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Page 32 text:
THE ANNUAL REFLECTOR
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'1'OP""NINTI-I GRADE GIRLS' CHOIR CENTER-'MADRIGAL CLUB BOTTOM-BOYS' GLEE CLUB
Page 31 text:
THE ANNUAL REFLECTOR
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All of a sudden Jean piped up and said,
" Of course, I admit that Lois was brave and
all that, but let me tell you, girls, if it hadn't
been for me, Lois might not have been here
right now, and," she added, "I suppose you
girls thought that it was real spooky in that
old house, and I'1l admit it was. But you
know what ? I didn't get scared once ! "
Dk Pk Sli Dk
The Hi-Y Club
Under the sponsorship and careful super-
vision of Mr. Lewis the club has grown from
a few members to the present standing of
thirty-five members. The following boys com-
pose the club: George Stierle, Floyd Clark,
Richard Whitney, John Prueter, GeraldLewis,
Bob McLeod, Elton Fry, Geoffry Childs, Darell
Mandelstamm, David Armstrong, Bob Mitts,
Joe Heagany, Bob Beach, Tom Symons, Fred
Comar, Jimmie Pitcher, Nelson Joyner, John
Theobald, George Lathrop, Herbert Spierstra,
Joe Merdler, Robert Fraker, John Learned,
Gerald Wilson, Robert Veremis, Stewart
Francke, Dee Draper, Bill Prine, Charles
Cook,MaX Spaulding,James Raymond Krohn,
Al Riordan, Tom Qualman, Jack Poag, Jack
The former officers were: President, Floyd
Clark, vice-president, Bob Mitts, secretary,
Joe Merdler, treasurer, Bob McLeod.
The present oflicers are: President, Bob
Fraker, vice-president, Joe Heagney, secre-
tary, Dee Draper, treasurer, Bill Prine. The
officers took office at the regular meeting,
April 20. Regular meetings start 12:10 every
Thursday noon. Executive meetings are held
every Monday noon at 12:30.
There have been various types of meetings
held in the club. The following are examples
of each: Trip: The club went to Wickes
Brothers and watched them make boilers.
Speaker: Mr. Guy of South School. He told
Paul Bunyon stories: Example: "When Paul
Bunyon shot his gun, one barrel was so big
that it broke off and stuck in the ground so
they used it for a smoke stack. But the smoke
stack was so very, very big and tall that when
a 'dre was started on Monday it took till Fri-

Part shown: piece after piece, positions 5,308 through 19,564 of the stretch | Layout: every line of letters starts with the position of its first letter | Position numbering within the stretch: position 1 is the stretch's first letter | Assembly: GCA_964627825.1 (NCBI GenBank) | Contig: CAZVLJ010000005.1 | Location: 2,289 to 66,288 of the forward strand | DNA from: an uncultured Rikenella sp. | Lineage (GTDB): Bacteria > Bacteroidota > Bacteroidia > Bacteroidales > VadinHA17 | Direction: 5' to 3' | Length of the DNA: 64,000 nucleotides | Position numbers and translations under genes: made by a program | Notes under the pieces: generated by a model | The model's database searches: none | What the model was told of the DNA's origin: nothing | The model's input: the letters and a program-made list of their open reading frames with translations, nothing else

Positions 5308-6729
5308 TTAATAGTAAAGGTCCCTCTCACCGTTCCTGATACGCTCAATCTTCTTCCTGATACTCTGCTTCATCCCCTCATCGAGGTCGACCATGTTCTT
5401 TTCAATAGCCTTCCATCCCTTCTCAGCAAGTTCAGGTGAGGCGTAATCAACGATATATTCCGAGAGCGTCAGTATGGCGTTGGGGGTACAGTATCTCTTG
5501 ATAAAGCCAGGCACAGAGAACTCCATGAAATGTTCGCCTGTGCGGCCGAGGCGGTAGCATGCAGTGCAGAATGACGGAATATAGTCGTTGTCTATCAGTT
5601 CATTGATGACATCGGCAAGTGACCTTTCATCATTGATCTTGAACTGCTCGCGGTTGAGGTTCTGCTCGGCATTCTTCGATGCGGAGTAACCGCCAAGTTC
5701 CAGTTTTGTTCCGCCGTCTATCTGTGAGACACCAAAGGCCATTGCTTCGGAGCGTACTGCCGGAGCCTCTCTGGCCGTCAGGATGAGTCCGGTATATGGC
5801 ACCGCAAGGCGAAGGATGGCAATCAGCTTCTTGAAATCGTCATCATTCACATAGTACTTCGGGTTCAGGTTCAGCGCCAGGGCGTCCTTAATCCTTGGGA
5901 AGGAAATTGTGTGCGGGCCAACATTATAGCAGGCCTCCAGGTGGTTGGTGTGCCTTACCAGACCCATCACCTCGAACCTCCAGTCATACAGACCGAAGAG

day before the smoke came out of the topf'
Meetings have consisted of programs such
as basketball, trips, speakers, and business.
The present club has made more amend-
meats to the constitution than any previous
c u .
The club made thirty dollars selling candy
so they could have a dance May 4th,
This year, for the first time, the members
have had to take pledges. This idea will
probably be carried out in the future if
Congratulations to next year's members.
-srl 29 144'-
Page 33 text:
THE ANNUAL REFLECTOR
van fa,-5 new
Vocal Music Department
N SEPTEMBER the music classes of the
seventh grade started out on a busy year.
Along with our daily five minutes of busy
work, we learned to read notes and many
new songs which we have enjoyed very much.
We also have health charts which we were
supposed to keep for every two weeks. One
week We started to take down names of com-
posers and the songs they wrote and the pe-
riod in which they lived. Every once in a while
we gave musical programs in which everyone
took part. Lately each one of the ten seventh-
gfade classes has been working on a musical
About the middle of October individuals
were chosen to sing for the Teachers Conven-
tion. Also a group of seventh-grade students
formed a choir and sang for a concert.
I am sure that we all had a grand time in
music and accomplished a great deal for the
classes meeting but one hour a week.
Beverly Wilks and
Music News from the Eighth Grade
One of the pleasantest results of the past
year's eighth grade study was the great satis-
faction of recognizing in concert and radio the
works of the famous composers that We had
brieiiy reviewed throughout the music term.
But we did not spend all our time on the
beautiful music of the past but also discussed
The City of Saginaw was proud to hail
and hear Lawrence Tibbet sing and also that
lovely negro singer, Marion Anderson. Next
year We may have the pleasure of hearing
Nelson Eddy sing at Flint. In Saginaw we
will hear the Philadelphia Symphony which
comes on the Community Concert ticket along
with many other musical exhibitions.
A letter was written to Major Bowes thank-
ing him for honoring Saginaw on his program.
To this we received a pleasing reply from the
Rehearsals! Rehearsals! Rehearsals! That
is what we heard in the notices and from the
pupils. What was going on ? It was the ninth
grade operetta. There were quite a few eighth
grade boys who sang in the choruses of the
operetta among whom were Willard Stevens,
William Boyer, Don and Ted Wagle, Albert
Zolton, Bernard Parcell, Gerald Wruck, Rob-
ert Cox, and Allen Williams. Parts of this
operetta were given at Fuerbringer School for
the P. T. A., May 17th.
The fifth-hour eighth-grade class did a fine
piece of work on their operetta, "The Flower
Queen," with Carolyn Kovelesky as the love-
ly Flower Queen.
The second-hour class gave " The Seven
Old Ladies of Lavender Town." It was color-
ful and funny and the students enjoyed doing
it. Thus ends another interesting and profit-
able year in Room 100.
Ninth Grade Music
This year has been a successful one for
Mrs. Ulman and her students. She has not
only given two operettas but has also helped
in many assemblies and the term concert.
The biggest projects of the year have been
the operettas,"Dicken's Christmas Carol,', and
Continued on page 35
SCENE FROM THE OPERETTA UNORVVEGIAN NIGHTS D
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